George A. King III of the New York Post reports that Scott Boras attempted to contact Yankees general manager Brian Cashman about redoing Robinson Cano’s contract. A contract that currently calls for $14 million in 2012 and $15 million in 2013, both club options. Boras told the Post that Cashman hasn’t returned his call.
And why would they? $29 million for Cano for the next two years is a good deal. Which, you know, is why they signed the contract in the first place. Cano signed it because he wanted to hedge against risk before he was a full-blown free agent, and he has done that too. That’s how deals work, see?
Of course you never get anything in this world without asking, so it’s not like Boras’ gambit does any harm. Sure, there’s some chutzpah there, but Boras is the Mayor of Chutzpahopolis, so it’s no biggie for him. If Cano is still worth mega bucks when his deal is up after 2013, the Yankees will still pony up for him. They’re not gonna say “No! Boras is a meany!” At the same time, if this move makes it even .001% more likely that the Yankees begin talks about some sort of longer term extension, it will have been more than worth it.
Boras is no idiot. And, despite what I feel will be some rumbling and grumbling at perceived greed and all of that, it’s really of no consequence. Standard Boras Operating Procedure. Nothing the Yankees aren’t able to laugh off. Nothing that affects Cano’s relationship with the team at all.
You do know what a Maddux is, right? In case you forgot, it’s a complete game shutout in which the starter throws fewer than 100 pitches. Friend of HBT Jason Lukehart invented that little metric and, because Greg Maddux is my favorite player ever, it’s pretty much my favorite stat ever.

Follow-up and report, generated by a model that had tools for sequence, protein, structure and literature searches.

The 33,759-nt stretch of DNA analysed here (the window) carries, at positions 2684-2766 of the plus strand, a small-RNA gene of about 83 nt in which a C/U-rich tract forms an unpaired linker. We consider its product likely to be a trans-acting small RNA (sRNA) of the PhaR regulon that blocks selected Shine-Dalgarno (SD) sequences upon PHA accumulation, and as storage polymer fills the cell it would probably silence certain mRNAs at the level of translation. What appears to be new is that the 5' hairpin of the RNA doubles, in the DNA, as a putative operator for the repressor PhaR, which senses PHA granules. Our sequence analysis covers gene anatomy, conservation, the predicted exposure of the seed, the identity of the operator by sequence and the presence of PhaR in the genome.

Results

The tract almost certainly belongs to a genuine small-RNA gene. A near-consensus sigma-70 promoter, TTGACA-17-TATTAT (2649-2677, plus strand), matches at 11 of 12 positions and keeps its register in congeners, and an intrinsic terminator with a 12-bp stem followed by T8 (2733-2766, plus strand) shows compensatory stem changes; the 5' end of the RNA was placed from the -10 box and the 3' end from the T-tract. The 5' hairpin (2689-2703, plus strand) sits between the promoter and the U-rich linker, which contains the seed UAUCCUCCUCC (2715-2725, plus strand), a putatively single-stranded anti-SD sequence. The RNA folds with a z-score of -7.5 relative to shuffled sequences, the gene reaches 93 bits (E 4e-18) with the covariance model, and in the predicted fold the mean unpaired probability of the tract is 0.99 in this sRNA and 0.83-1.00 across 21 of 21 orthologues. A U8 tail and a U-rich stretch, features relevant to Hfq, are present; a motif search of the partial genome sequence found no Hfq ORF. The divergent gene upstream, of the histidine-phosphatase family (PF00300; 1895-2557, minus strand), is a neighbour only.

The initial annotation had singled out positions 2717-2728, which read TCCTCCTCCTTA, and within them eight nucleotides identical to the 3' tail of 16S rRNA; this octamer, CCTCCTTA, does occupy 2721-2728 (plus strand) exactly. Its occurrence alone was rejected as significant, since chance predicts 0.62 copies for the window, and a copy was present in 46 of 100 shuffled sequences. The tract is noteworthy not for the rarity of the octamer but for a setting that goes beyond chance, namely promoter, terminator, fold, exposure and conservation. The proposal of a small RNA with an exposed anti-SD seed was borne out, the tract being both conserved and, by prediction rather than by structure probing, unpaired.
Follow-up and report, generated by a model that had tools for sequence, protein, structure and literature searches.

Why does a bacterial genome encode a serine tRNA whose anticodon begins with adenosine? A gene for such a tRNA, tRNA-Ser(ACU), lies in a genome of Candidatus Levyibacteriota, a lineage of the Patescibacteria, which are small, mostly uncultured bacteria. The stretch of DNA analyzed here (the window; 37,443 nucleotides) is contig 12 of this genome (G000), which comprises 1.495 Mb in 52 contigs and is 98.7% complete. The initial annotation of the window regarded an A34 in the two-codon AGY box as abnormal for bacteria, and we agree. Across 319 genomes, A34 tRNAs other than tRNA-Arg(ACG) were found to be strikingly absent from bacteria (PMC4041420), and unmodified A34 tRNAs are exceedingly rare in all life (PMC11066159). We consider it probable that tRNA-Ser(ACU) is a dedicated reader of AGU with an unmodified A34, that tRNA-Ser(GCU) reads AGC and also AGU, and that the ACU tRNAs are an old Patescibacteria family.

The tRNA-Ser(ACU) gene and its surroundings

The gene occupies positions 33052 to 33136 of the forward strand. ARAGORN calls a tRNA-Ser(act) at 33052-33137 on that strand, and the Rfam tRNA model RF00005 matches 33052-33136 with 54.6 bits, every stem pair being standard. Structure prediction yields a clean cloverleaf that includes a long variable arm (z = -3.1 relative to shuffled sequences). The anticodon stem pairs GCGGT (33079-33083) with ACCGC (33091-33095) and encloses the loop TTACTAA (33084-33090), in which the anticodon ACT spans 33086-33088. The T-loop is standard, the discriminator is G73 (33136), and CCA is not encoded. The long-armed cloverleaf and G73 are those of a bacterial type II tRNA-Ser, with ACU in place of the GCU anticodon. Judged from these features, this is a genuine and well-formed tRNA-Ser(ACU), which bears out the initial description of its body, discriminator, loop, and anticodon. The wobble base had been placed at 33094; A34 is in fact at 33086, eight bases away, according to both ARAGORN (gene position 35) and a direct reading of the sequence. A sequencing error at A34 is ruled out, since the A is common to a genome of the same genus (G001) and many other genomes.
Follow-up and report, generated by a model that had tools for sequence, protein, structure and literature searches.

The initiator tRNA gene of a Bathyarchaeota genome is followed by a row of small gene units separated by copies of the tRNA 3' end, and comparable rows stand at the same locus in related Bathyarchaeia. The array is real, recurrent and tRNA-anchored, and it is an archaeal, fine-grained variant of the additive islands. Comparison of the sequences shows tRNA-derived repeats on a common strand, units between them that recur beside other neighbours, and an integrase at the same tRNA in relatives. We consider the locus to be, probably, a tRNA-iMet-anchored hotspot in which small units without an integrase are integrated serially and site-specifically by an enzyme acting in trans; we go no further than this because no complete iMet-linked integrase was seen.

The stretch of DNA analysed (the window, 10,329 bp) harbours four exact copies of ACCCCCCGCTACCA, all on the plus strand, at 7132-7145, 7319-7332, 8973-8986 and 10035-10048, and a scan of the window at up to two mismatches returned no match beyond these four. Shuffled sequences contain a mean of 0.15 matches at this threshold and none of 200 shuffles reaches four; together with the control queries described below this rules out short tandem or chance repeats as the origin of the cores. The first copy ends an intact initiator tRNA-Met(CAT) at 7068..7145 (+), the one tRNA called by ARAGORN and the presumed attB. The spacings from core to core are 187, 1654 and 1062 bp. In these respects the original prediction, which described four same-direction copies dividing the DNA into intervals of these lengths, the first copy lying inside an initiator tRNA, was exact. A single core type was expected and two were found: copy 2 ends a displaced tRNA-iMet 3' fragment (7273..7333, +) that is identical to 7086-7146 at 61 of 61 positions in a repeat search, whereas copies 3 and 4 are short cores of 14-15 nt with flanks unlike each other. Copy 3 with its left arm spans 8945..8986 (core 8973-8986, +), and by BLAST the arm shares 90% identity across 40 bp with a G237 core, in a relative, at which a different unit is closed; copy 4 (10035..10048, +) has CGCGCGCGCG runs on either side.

In the Yankees-Red Sox game tonight it was Masahiro Tanaka doing the honors, tossing 97-pitch three-hitter in which he only allowed one runner to reach second base to beat Boston 3-0. He only struck out three but he didn’t walk anyone. He retired the last 14 batters he faced.
Chris Sale was no slouch himself, striking out ten in eight innings. He’s pitched great this year but he’s not getting any help. The Sox have only scored four runs in his five starts. Boston has scored only 13 runs in their last seven games. They’ve been shut out three times in the past seven. They scored more runs than anyone last year, by the way.
The game only took two hours and twenty-one minutes. Or, like, half the time of a Yankees-Red Sox game in the early 2000s. Progress, people. We’re making progress.
Nick Piecoro of the Arizona Republic reports that Diamondbacks pitcher Shelby Miller has a tear in his ulnar collateral ligament and is considering undergoing Tommy John surgery. Surgery would end Miller’s 2017 season and would cut into a significant portion — if not all — of his 2018 season as well.
Miller sent his MRI results to Dr. Neal ElAttrache and Dr. James Andrews for second and third opinions, respectively. He could choose to rehab his elbow rather than undergo surgery, but that comes with its own set of positives and negatives.
Miller lasted only four-plus innings in his most recent start on Sunday and carries a 4.09 ERA on the season, his second with the Diamondbacks. His time in Arizona has not gone well.